Heimlich vs CPR: What To Do When Someone Chokes

Though there are some scary situations we can’t predict, like when someone starts to choke or stops breathing. Proper knowledge of first aid maneuvers like the Heimlich method and CPR can help us potentially save a life, even our own.

By Debashruti Banerjee
11 Sep 2021

Choking is a hazard not to be taken lightly as it can occur at any time, giving us little time to react Our throat contains two pathways?the oesophagus (food pipe) and the trachea (windpipe). The trachea leads directly to the lungs and therefore any foreign object lodged in there can result in choking. One may start gagging, coughing, grasping their throat, wheezing or even fainting. In some cases, one may even turn blue, which is known as cyanosis. According to a 2021 paper in the journal National Center for Biotechnology Information, cyanosis occurs when “oxygen might not reach hemoglobin in an adequate or sufficient amount as a result of conditions affecting the respiratory system, cardiovascular system, and the central nervous system”.


What starts as a coughing fit can turn into a real emergency if one’s airway is completely blocked. It can prevent oxygen from entering the lungs and cause irreversible damage or even death within minutes. Apart from choking, a person may also stop breathing and lose consciousness due to an accident. Training or at least awareness of first aid maneuvers like Cardiopulmonary resuscitation (CPR) and Heimlich maneuver can help you save a life or at least keep them alive until professional help arrives. Henry Heimlich, the inventor of the Heimlich maneuver, estimated that this move has saved over 50,000 people. On the other hand, the American Heart Association claims that proper CPR training and quick action can save the lives of 100,000-200,000 people annually.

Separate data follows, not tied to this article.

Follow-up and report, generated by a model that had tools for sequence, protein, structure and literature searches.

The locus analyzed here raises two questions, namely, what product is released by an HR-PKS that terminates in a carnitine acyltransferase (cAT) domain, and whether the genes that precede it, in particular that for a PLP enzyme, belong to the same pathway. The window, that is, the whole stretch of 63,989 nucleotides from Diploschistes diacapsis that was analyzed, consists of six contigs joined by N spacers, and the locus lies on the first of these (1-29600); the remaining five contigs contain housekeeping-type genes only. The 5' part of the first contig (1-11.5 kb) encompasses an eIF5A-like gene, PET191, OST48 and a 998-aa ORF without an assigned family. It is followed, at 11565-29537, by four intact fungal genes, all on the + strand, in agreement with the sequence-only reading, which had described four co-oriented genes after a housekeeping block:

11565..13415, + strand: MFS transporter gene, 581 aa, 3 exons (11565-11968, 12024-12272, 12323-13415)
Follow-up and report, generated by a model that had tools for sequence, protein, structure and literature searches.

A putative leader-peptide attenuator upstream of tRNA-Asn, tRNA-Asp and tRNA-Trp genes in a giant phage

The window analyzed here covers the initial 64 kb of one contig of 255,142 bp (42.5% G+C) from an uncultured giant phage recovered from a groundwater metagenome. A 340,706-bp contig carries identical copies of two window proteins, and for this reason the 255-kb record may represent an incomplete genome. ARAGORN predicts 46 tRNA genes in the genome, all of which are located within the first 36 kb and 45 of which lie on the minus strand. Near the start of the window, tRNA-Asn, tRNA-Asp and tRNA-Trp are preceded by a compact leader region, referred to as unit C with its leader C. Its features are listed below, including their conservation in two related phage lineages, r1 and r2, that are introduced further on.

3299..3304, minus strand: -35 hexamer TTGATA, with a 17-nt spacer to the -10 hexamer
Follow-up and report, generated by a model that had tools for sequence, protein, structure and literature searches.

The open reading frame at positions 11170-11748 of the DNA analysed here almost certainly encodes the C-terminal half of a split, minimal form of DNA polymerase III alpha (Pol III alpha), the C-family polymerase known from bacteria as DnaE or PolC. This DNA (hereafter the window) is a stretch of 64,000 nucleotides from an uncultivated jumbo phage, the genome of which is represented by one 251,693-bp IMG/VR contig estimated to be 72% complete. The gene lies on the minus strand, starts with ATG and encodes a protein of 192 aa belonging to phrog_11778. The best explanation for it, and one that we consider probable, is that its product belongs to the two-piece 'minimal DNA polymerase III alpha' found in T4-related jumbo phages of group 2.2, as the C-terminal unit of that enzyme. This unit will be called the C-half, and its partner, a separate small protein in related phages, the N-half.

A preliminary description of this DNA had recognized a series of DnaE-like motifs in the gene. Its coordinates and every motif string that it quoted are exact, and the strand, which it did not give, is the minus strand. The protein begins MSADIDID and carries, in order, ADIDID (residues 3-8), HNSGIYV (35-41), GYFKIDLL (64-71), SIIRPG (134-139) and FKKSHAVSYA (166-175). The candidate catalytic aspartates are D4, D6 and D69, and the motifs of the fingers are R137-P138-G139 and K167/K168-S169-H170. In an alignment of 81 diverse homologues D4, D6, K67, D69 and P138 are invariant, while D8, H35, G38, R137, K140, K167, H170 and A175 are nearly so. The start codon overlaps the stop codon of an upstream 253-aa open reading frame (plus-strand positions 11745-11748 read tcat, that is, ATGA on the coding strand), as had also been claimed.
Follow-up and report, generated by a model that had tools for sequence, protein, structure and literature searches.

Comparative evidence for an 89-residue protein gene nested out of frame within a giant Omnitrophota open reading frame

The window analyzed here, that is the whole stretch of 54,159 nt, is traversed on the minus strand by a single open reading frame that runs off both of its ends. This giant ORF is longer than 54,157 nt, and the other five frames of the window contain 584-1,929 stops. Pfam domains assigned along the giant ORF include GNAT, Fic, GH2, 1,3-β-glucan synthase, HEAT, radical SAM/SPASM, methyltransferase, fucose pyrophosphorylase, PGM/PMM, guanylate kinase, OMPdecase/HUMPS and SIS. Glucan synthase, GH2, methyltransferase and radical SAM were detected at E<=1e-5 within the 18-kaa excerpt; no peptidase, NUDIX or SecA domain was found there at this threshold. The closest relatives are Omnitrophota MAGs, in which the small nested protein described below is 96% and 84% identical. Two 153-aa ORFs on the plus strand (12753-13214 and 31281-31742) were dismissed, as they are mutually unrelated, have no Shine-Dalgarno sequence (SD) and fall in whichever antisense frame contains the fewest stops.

Here is a comprehensive introduction to these two first aid methods, although you must remember to follow-up these incidents with a proper medical check-up to check for any retained damage.


The A-B-C of first aid maneuvers

After calling an ambulance, the National Health Service, UK, suggests checking the ABC?Airway, Breathing and Circulation?before beginning first aid. Check if they are responsive, conscious and are opening their eyes. You can check if they are breathing normally by noticing the rise and fall of their chest. Gasping, wheezing or pained breathing is not normal. The Indian Red Cross Society, alternatively, suggests measuring the AVPU (alertness, responding to voice, responding to pain stimulus and unresponsiveness). You can assess the severity of the situation and start the following maneuvers immediately.